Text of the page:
Australian universities are excelling on teaching quality but falling short on social experience

The university experience is changing. The introduction of technology, as well as growing career pressure and the nature of universities today,  is impacting how students interact socially. The consequences are being seen in declining mental health and growing anxiety issues for students.

Interdisciplinary interactions are low

Less than half of undergraduate students are interacting with students outside their study requirements. This is according to the recent QILT indicators for Australian institutions. 

As universities strive to be hubs of innovation,  interdisciplinary interaction is a key enabler for success.  The cross-contamination of ideas is essential for preparing students for future careers. Interdisciplinary thinking and communication will solve the wickedly complex issues facing our society.

Many students don't feel they 'belong' to the community

Just over half of students feel a sense of belonging to their university. Some other findings from the 2018 QILT indicators showed that:

  • Students are more satisfied when they start (first year) than in their later years
  • Students studying on campus are having a more positive experience than those studying externally
  • Older students (mature age)  are less engaged in the university community
  • Overall international students have lower satisfaction
  • The top reason that students consider leaving university is health or stress


Are postgraduates having a worse experience?

Postgraduate coursework students have a more inconsistent experience compared to undergraduates. For most institutions, the university experience was designed around a typical undergraduate. Hence we can see (above) cohorts who do not fall into this persona feel excluded.

Typically postgraduate students are also working (or studying intensively), so their hours and habits are different to undergraduate students. They have less time, but it doesn’t diminish the value of a great social experience. 

With QILT, we can see the same institutions dominating the top and bottom rankings across all categories. Read more about QILT 2018 findings and categories here. With postgraduates, it is more variable. Different institutions excel and fall short of different components of experience for postgraduates.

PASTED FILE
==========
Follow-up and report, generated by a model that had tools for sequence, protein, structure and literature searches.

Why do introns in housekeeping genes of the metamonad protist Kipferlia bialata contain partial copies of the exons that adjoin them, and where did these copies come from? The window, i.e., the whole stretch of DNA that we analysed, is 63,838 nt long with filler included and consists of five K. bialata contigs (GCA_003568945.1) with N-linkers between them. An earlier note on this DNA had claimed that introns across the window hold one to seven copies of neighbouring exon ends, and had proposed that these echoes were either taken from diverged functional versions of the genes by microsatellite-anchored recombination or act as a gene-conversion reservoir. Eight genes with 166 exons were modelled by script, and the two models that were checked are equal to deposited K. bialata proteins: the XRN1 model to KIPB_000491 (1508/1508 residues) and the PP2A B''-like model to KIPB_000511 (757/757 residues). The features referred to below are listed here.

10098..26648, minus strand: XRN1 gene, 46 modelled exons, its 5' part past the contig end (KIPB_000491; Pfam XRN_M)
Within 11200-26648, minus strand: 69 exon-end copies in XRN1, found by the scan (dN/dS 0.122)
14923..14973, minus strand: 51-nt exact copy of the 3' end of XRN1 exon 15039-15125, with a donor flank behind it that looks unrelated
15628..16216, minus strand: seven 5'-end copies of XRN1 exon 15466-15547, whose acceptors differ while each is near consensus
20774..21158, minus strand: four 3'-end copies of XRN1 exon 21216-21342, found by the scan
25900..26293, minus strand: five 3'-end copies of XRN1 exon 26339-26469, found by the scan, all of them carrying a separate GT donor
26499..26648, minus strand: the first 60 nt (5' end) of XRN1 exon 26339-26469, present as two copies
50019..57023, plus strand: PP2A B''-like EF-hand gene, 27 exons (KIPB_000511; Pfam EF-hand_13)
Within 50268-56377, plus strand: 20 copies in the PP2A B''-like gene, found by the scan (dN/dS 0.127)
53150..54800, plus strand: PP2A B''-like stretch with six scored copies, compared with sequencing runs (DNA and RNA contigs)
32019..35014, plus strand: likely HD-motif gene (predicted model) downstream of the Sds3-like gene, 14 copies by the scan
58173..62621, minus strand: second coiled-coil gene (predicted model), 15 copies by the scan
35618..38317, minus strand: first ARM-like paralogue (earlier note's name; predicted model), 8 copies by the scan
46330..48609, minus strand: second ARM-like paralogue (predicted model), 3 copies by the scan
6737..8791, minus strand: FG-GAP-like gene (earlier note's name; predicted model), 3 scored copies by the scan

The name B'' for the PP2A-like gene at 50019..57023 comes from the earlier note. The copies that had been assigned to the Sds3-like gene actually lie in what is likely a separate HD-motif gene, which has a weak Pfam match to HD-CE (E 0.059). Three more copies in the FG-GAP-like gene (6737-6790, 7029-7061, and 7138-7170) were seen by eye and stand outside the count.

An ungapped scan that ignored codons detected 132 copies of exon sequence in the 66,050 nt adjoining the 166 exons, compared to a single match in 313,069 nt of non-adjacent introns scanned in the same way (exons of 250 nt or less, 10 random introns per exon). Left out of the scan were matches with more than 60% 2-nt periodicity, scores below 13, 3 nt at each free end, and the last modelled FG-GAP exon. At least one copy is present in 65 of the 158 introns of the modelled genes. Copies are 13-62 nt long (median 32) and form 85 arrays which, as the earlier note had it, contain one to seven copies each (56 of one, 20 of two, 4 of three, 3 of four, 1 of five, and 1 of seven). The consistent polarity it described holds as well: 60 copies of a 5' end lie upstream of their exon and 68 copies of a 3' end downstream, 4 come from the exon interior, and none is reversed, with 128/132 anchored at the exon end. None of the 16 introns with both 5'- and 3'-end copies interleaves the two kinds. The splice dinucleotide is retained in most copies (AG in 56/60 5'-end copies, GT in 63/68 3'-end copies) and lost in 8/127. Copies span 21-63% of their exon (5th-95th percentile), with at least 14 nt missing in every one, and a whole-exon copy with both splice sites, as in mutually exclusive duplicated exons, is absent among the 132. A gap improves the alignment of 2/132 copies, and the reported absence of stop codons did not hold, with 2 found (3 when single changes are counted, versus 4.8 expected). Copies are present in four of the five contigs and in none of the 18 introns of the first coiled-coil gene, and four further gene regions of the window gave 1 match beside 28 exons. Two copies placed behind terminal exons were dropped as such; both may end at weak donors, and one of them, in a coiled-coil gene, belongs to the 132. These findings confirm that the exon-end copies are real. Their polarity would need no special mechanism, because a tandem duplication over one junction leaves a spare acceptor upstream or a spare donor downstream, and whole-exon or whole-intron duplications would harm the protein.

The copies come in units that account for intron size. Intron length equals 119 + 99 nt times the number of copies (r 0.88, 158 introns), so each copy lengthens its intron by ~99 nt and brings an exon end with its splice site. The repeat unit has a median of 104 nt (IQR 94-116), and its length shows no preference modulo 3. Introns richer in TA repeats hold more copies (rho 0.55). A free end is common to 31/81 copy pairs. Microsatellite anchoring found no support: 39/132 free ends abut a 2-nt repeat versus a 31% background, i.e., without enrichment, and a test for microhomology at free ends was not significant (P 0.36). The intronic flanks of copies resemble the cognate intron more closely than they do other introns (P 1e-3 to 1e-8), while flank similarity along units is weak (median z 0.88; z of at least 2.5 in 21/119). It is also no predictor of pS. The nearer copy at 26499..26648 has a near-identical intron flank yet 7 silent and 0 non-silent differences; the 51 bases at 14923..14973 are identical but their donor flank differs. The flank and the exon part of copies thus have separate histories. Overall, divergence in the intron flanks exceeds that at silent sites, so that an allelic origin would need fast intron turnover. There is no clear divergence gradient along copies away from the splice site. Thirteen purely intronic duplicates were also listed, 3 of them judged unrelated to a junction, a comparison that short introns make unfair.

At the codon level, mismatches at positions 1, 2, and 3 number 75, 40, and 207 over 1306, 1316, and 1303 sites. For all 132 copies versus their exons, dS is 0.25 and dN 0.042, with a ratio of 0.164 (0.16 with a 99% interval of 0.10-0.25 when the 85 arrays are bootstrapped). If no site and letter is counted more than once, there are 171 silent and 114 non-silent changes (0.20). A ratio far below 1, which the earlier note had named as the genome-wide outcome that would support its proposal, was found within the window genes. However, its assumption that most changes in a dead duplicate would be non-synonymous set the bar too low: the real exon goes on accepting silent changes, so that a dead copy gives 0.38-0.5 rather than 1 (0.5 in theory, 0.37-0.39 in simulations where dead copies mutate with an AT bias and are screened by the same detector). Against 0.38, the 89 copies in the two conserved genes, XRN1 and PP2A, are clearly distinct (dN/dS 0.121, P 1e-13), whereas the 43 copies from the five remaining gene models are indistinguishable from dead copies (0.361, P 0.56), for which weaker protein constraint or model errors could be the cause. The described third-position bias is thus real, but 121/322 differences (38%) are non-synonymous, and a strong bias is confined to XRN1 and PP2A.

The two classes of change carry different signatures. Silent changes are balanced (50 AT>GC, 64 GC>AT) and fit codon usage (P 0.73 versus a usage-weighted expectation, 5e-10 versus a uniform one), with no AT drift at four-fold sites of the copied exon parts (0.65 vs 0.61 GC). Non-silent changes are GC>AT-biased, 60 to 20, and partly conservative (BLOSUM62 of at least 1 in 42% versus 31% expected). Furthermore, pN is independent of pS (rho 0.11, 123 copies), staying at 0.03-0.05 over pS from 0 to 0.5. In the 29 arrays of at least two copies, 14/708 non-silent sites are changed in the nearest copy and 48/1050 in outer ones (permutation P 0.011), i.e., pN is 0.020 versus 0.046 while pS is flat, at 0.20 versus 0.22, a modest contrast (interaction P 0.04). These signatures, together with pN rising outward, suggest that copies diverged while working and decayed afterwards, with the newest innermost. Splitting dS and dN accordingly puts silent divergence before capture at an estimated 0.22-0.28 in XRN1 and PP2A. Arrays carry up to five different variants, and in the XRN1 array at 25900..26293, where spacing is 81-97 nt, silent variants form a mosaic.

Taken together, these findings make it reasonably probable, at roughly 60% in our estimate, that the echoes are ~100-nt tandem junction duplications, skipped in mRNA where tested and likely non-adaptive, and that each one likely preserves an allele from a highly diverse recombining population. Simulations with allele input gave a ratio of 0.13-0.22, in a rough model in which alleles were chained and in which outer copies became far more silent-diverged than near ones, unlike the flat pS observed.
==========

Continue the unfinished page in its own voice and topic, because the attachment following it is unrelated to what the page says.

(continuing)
For example, Southern Cross University and Notre Dame University have some of the lowest postgraduate scores for learning resources but score in the top 5 in other categories. Monash has one of the highest scores for Learning Resources, but scores close to average for all other categories.

It seems that postgraduate experience and expectations are less understood and students are more likely to have an inconsistent experience at their institution.

On-campus or online for better student experience?

The online environment available for learning begs the question of whether universities should continue to focus on encouraging students to campus, or more on providing online courses and lectures. 

We think there is a tipping point, we are not at that point yet, but there will come a time where the online environment erodes the benefits of learning. The on-campus environment is intellectually stimulating and helps students push out of a comfort zone and make new connections. Too much technology gives a comfortable excuse to not push those boundaries.

Institutions should provide both, and not forget that the university experience is more than coursework and lectures. This means that students must be compelled enough to make the journey to campus, and not repelled enough (i.e. travel time, parking, boredom) to avoid it. 
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Dr Sam Hall

Dr Sam Hall

Sam is the founder of Spaces Alive. She's an advocate for re-imaging our cities and buildings to prepare for the future of work and study.